“He’d spent 30 years in book distribution and went through a lot of changes, so he learned how to deal with that. Six months after he came on board, he delivered his verdict on the music industry: ‘I thought the book industry was fucked, but this is ridiculous. You guys are fucked!’”
Arts & Crafts was an “ambitious” entity from the start, says Remedios. “The ongoing digital transformation of our world gave us, possibly false, confidence that we could achieve anything. I never felt like there was any ceiling on what level we could take something to. One goal we’ve always had was to take Canadian bands beyond Canada – though it was never success at all costs, it was always work to try and honour the music.”
Drew took inspiration from what was going on down the road in Chicago. “When we started, there was that Thrill Jockey system, where you’d someone like John McEntire as part of five or six bands. That was quite inspiring in terms of what we could do with the musicians we knew. With that comes competition, and that was so healthy back in the day because you were constantly challenging one another. If I miss anything now, I miss that camaraderie of challenge that we had.”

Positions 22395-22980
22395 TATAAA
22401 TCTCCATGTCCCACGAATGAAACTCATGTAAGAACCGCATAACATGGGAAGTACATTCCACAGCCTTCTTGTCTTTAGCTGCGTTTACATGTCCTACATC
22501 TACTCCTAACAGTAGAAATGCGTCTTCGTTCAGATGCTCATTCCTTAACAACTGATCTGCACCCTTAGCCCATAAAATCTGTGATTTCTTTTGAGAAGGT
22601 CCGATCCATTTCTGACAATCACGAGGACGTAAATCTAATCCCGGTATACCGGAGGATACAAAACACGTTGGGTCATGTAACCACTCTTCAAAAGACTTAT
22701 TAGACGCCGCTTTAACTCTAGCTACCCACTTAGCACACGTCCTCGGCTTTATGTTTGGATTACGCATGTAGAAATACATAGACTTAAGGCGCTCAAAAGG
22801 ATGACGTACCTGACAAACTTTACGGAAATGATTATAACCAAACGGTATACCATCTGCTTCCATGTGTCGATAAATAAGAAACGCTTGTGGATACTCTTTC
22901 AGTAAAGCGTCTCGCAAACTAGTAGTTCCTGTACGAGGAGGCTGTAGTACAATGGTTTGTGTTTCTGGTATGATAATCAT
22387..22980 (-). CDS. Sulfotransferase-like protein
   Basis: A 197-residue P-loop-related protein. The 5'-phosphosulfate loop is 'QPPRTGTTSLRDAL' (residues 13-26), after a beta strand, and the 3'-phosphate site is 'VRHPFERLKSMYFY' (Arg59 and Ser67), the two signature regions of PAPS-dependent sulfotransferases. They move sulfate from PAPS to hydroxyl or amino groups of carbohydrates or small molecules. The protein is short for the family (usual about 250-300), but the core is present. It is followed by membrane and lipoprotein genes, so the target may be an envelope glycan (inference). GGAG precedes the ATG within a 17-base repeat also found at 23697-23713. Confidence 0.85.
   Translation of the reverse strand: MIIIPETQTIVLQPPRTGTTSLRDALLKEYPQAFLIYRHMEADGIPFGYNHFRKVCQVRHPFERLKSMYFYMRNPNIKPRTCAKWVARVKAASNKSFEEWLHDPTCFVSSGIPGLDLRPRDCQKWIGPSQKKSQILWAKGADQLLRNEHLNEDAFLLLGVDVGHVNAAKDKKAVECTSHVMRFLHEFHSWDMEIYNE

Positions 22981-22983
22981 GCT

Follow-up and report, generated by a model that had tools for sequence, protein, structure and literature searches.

Final question time – what record defines the past decade at Arts & Crafts for them?
“That’s a hard question because it would exclude so many people and would be pointless in terms of how we tried to do things over the years,” says Drew. “I’ve taken a lot of people’s lives into my hands and, sometimes, things haven’t worked out like they should have. I’ve seen a lot of things go unrecognised. For all the power and energy and placements and systems and time, it didn’t happen or work.
“That’s the hardest thing to accept when you run a label – these people come into your life or your friends give you their record and those careers don’t reach the potential that they should.
“You want to find a reason but there is never that one reason – and that’s a complicated feeling for any artist or label. We decided to choose records based on what we loved and what they sounded like, and if the people were prepared to do the work and gamble on us and I think that’s what You Forgot It In People was about from the beginning.”
“I have to say You Forgot It In People ,” says Remedios. “It put us in business and put us on the map. I listened to it the other day and it’s aging well.”